Award Winning Technology Gives Homes Free Energy By Tapping The Cloud

2016-04-26-1461661866-3737806-nerdalizeradiator.jpgLast summer I wrote about a fascinating new start-up called Nerdalize. The company was hoping to tap into the huge amount of waste heat generated by cloud computing to provide cheap and eco friendly heating for our homes and offices.

The concept is a remarkably simple one. Rather than locate servers in huge facilities that require a vast amount of water and energy to keep cool, the team hope to distribute things by placing small, radiator size devices in the homes of people like you and I.

The so called eRadiators are to all intents and purposes regular servers, but the waste heat generated by the machines is given free of charge to the home owner.

Signs of progress

Of course, it's not unknown for start-ups to burst into the world in a blaze of hype and publicity before sliding into obsolescence as they struggle to find a market for their wares, so how have Nerdalizer fared since their launch last summer?

The company initially teamed up with Dutch utility Eneco to test out the radiators in real homes, with the aim being to get the kind of invaluable feedback required to refine and develop the product.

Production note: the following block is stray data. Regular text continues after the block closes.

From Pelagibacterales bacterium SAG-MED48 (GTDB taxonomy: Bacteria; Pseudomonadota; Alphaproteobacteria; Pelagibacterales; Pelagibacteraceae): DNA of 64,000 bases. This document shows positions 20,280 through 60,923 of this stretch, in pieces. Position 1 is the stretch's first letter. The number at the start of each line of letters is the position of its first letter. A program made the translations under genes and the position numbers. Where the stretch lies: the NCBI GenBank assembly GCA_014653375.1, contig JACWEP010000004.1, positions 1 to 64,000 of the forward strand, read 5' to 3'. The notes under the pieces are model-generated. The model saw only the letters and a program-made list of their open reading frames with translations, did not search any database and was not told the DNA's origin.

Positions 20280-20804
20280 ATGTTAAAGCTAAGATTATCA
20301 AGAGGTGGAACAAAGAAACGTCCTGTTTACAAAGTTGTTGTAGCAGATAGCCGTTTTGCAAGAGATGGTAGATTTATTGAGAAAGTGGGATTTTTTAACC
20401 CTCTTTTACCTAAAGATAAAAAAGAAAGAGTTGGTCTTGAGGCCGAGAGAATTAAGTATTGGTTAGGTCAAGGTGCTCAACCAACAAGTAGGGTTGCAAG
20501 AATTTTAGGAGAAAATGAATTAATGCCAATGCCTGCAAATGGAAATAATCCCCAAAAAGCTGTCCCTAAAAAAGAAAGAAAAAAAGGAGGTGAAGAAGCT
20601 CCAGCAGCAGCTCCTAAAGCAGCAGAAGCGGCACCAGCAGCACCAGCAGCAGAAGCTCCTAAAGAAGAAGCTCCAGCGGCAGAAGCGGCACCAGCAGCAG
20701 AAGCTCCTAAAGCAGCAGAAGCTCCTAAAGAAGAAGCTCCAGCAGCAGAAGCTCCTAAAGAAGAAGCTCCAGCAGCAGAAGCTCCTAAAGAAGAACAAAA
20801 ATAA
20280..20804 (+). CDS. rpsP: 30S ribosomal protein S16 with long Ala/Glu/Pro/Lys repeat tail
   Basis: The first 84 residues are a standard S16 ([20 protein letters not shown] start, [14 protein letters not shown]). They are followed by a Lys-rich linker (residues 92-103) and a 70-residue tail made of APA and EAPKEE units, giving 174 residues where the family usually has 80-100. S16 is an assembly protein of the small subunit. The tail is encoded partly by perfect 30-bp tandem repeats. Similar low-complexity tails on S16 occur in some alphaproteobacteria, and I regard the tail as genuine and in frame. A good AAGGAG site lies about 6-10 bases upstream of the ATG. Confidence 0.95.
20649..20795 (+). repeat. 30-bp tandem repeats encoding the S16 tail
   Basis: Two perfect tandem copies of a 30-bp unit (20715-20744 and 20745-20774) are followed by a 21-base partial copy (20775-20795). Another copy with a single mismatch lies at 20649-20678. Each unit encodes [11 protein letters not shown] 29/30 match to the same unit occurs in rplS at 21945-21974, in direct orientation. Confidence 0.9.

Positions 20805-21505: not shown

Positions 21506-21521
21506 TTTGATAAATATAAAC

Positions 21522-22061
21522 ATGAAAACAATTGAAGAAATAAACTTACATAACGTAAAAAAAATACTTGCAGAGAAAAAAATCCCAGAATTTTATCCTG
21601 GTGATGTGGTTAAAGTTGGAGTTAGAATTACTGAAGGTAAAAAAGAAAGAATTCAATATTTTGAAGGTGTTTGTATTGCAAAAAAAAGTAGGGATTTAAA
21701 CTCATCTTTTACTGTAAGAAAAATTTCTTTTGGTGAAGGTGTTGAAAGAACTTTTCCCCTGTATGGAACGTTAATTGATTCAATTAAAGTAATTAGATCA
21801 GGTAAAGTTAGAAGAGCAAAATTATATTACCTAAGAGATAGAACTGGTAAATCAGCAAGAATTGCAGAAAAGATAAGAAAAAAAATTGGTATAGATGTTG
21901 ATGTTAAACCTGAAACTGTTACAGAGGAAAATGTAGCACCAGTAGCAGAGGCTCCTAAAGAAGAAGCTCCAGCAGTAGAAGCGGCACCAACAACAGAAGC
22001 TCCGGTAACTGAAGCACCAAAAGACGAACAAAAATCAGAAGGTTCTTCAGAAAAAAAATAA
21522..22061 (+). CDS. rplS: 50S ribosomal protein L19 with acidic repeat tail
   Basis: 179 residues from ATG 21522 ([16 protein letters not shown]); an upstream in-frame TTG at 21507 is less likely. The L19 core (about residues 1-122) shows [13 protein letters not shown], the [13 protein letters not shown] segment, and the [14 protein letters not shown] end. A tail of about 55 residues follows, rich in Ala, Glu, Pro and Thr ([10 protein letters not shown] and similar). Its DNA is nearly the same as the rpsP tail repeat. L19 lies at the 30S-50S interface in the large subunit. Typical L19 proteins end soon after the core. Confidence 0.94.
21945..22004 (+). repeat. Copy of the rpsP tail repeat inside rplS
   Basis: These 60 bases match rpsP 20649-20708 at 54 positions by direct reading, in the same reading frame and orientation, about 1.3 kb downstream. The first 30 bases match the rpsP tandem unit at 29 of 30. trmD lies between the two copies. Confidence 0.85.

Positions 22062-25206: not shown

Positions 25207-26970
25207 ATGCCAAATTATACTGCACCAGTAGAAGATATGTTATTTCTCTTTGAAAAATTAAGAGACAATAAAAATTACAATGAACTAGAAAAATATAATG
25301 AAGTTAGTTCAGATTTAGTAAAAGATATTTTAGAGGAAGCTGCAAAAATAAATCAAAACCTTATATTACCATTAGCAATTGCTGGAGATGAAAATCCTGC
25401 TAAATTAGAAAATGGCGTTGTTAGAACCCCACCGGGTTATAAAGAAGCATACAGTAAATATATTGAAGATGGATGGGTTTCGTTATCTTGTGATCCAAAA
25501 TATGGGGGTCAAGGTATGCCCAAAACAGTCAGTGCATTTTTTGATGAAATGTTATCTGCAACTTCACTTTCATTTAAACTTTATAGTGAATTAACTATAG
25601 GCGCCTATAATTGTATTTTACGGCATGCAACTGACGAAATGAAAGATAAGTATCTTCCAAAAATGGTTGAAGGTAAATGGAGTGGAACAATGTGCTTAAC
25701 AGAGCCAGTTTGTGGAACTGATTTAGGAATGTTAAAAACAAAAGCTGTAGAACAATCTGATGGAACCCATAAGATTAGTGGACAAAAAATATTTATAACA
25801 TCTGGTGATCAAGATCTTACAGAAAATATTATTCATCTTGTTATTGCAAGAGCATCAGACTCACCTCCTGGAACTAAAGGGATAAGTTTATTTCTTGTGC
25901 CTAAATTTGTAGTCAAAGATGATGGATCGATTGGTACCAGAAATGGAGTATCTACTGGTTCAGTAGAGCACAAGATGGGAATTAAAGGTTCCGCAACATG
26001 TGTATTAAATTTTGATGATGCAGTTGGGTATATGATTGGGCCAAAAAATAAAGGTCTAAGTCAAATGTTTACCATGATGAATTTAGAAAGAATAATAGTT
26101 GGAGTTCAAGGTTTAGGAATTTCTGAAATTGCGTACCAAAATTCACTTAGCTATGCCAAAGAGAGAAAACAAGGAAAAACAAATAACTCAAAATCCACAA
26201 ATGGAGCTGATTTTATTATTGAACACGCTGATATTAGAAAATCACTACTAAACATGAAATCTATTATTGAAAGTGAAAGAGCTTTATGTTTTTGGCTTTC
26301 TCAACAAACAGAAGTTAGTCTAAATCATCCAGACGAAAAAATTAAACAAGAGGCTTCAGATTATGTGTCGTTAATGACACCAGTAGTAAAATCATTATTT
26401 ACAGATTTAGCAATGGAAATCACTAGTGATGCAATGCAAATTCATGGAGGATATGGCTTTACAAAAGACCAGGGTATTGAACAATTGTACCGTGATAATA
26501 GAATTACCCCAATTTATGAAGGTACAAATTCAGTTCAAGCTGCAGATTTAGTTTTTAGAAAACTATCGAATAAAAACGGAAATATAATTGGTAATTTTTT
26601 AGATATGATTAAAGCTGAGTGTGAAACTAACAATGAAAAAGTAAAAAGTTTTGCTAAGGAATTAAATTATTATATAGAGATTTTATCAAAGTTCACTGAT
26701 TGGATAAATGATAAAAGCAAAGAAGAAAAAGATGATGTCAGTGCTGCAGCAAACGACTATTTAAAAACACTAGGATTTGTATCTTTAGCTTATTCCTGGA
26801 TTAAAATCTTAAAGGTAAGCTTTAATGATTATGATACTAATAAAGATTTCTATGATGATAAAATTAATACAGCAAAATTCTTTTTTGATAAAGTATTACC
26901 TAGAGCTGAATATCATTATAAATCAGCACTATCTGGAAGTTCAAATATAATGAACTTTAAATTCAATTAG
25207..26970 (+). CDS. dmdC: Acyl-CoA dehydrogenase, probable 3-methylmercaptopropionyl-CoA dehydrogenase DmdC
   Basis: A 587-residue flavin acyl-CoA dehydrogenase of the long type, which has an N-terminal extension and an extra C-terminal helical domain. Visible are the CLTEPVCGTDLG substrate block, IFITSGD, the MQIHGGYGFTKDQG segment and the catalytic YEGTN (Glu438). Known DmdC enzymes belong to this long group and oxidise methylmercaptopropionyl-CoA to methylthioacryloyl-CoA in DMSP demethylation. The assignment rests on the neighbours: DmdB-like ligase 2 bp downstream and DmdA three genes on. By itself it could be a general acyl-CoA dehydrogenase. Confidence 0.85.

They have also joined the EU's European Institute for Innovation and Technology (EIT), and this week picked up the EIT Venture Award at the INNOVEIT conference in Budapest.

"I'm very proud that Nerdalize has been recognised in the EIT Awards, and would like to thank Climate-KIC for their support and coaching. As part of the project's accelerator programme, we have built a network, gained access to customers and potential partners, and seen our system piloted in five homes - now we're ready to scale-up production," co-founder Florian Schneider said at the ceremony.

Being part of the EIT network has been crucially important in helping the team develop their proposition, both by offering coaching and mentoring but also a pan-European network of contacts they can tap into.

They have already received interest from some 3,000 people who are keen to tap into the 30-50% energy savings that initial users have received, and the key next step is to refine the manufacturing process to meet such demand.

With a number of commercial partners showing a keen interest, it seems like a technology that could have definite legs as we strive to lower both our energy bills and carbon footprint.

You can learn more about Nerdalize via the video below.